ABOVE PHOTO: A pedestrian walks past of a mural of the late rapper Nipsey Hussle, Tuesday, June 28, 2022, near his closed The Marathon Clothing store in Los Angeles. The many murals of Hussle around Los Angeles speak to the late rapper’s lasting legacy. (AP Photo/Chris Pizzello)
By Jonathan Landrum Jr.
LOS ANGELES — Even though Nipsey Hussle was gunned down outside a Los Angeles clothing store three years ago, the sting of his death remains fresh for those who revered the widely beloved rapper and community activist.
Several paid homage to Hussle’s positive influence during a murder trial that ended Wednesday with a conviction for his killing. Some shed tears. One of his closest friends regrets being unable to protect Hussle. A witness battles with ongoing nightmares as if Hussle’s fatal shooting happened yesterday. Some in the hip-hop community still look to his rap lyrics for teachable moments.
Like Hussle’s popular catchphrase “The Marathon Continues,” the memory of his impactful legacy is still at the forefront of many people’s minds.
“I feel like we’ll never forget the work that he put in and everything that he did for the community,” said Slim Jxmmi of the rap group Rae Sremmurd in a recent interview. “That’s why he’s such a big figure in our community. Nipsey was tight. He was hard.”
Rapper Rick Ross said Hussle is admired “more than ever” these days for his forward-thinking mentality as an entrepreneur and teaching through his thought-provoking rap lyrics.
“He’s a legend, poet,” said Ross, who has a tattoo of Hussle’s face on his leg. “I loved him as a emcee when I first met him over a decade ago. I’m just happy to see the marathon still continues.”
Hussle, who was born Ermias Asghedom, was shot and killed at age 33 on March 31, 2019, in the parking lot outside his store, The Marathon.
Eric R. Holder Jr., was found guilty Wednesday of the first-degree murder of the Grammy winner, who was on track to revitalize a South Los Angeles neighborhood where he grew up and was eventually gunned down. Hussle and Holder had known each other for years and grew up as members of the same gang, the Rollin’ 60s.
Holder was also convicted on two counts of attempted voluntary manslaughter and two counts of assault with a firearm. He will be sentenced Sept. 15.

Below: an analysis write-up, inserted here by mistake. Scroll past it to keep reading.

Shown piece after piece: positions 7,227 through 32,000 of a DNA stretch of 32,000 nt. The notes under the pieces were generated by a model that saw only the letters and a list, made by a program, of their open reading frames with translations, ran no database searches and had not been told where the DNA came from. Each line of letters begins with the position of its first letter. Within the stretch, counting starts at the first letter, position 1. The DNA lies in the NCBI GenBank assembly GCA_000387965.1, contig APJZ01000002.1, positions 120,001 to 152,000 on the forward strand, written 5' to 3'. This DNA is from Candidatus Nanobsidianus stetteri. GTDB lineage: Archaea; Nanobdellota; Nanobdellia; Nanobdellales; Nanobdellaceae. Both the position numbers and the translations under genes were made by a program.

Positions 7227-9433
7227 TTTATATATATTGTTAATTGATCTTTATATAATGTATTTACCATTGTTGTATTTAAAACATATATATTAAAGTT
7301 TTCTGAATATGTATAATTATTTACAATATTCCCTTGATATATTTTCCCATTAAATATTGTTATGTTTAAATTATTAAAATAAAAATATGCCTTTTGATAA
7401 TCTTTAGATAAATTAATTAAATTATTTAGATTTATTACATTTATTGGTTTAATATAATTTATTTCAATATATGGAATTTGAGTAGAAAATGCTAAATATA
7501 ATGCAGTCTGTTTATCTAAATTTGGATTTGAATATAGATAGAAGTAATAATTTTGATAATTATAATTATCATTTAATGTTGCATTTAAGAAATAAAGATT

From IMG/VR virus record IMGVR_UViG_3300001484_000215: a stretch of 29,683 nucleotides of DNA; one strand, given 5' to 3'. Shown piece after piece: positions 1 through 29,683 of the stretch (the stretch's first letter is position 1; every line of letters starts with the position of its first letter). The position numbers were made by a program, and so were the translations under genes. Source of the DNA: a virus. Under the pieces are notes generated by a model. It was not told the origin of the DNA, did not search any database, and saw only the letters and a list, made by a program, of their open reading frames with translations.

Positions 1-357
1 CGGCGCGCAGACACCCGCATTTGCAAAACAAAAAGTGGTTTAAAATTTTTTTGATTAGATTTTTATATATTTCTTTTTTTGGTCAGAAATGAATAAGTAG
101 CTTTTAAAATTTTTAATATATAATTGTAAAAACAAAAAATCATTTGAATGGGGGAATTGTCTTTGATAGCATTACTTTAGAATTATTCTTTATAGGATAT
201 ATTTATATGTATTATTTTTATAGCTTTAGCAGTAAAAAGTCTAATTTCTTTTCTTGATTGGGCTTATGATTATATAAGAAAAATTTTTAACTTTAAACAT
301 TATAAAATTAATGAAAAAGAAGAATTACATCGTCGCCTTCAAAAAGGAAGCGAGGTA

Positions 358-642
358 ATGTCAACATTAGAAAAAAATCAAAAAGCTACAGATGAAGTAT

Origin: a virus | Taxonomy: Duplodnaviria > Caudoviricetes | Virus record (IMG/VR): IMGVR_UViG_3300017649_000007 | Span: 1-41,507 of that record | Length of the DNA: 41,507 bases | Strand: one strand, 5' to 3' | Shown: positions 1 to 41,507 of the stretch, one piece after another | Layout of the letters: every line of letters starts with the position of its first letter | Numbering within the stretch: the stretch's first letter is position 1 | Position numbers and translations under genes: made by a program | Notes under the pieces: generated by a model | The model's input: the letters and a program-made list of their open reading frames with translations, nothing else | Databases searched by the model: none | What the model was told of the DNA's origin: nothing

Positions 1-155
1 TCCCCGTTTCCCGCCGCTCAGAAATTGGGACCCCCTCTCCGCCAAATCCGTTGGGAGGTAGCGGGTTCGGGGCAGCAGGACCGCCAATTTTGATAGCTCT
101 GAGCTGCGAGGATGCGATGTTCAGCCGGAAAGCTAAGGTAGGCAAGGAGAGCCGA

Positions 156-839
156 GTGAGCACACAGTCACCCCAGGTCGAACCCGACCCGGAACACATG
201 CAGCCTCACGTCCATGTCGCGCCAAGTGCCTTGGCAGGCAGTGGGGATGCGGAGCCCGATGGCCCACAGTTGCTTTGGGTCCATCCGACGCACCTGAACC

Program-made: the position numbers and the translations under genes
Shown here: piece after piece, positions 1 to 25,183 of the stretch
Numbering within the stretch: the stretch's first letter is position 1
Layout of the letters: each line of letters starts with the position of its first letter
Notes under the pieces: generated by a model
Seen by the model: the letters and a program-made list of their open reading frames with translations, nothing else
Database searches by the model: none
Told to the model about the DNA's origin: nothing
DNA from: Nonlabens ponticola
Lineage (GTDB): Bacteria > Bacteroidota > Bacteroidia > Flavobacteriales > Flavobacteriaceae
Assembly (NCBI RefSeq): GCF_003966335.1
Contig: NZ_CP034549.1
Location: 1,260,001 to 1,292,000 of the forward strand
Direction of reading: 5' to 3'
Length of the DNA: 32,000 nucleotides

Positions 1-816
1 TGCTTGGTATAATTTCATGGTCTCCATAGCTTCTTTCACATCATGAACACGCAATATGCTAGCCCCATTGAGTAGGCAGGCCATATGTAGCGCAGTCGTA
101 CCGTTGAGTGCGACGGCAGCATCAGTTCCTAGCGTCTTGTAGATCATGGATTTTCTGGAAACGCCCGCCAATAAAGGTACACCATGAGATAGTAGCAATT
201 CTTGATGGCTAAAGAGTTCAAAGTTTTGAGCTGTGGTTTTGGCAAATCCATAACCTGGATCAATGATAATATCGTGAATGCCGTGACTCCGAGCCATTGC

The verdict might have ended a three-year legal saga, but the nearly four-week trial resurfaced old emotions and admiration for Hussle.
“It shook me up,” said Christian Johnson during his tearful testimony. He was inside a burger restaurant near Hussle’s clothing store during the shooting. In security footage shown in court, Johnson can be seen ducking underneath a red table after hearing gunshots.
When Johnson stood up and peeked into the parking lot, he saw Hussle’s body on the ground.
“I dream about it every night,” said Johnson, who broke down in tears. He viewed himself as a huge fan of Hussle’s work and had thought about approaching him for a photo before the shooting. “I walked outside and saw Nipsey laying there. That could’ve been me.”
Former gang member Herman “Cowboy” Douglas, who worked at The Marathon, said Hussle’s death still feels raw. He carries some guilt over the rapper who was like a “little brother” to him.
“I feel regret that I left his side,” said Douglas, who overheard the initial conversation between Hussle and Holder. He was inside the clothing store when he heard the gunshots.
“I should’ve never left his side,” he continued. “I did not see this coming. No way, no how.”
In honor of Hussle, Douglas had a mural of the rapper painted outside his restaurant in Los Angeles. Countless other murals of Hussle have popped up along busy highways, on the sides of buildings and inside a school basketball court in the city.
Hussle, whose nickname is a play on a famous 1970s comedian, was given the moniker for his work ethic as he slung CDs. He spent years winning a devoted following through mixtapes and underground releases. He broke through with his first major-label album, eventually earning two posthumous Grammys in 2020.
Throughout Los Angeles, Hussle was a beloved figure for his philanthropic work that went well beyond the usual celebrity “giving back” ethos. He purchased the strip mall where The Marathon is located and planned to redevelop it into a mixed-use commercial and residential complex.
The plan was part of Hussle’s broader ambitions to remake the neighborhood where he grew up and attempt to break the cycle of gang life that pulled him in when he was younger. The Los Angeles City Council is expected to rename the intersection of Crenshaw Boulevard and Slauson Avenue “Nipsey Hussle Square.”
After Hussle’s death, an unexpected cease-fire developed between some rival gang members. In May, his family held the grand opening of The Marathon Collective, a cannabis dispensary in Canoga Park, California.
During the trial, Deputy District Attorney John McKinney showed a photo of a shrine dedicated to Hussle outside his clothing store. Among the candles and other tributes was a St. Louis Cardinals baseball cap, which gang expert Robert Freeman says was worn by the Black P Stones, a Blood-affiliated gang that were fierce longtime rivals of Hussle’s Rollin’ 60s Crips.
“He was loved by the Bloods and the Crips,” Freeman said.
McKinney said after the verdict that Hussle will never be forgotten.
“As a community, we move forward from this, we move forward in the tradition of the Marathon,” he said. “We move forward in the tradition of young people who are in a situation that Nipsey might have been in 15 years ago can look to his life as an example of how they can get out of that situation and get to a place where dreams are made.”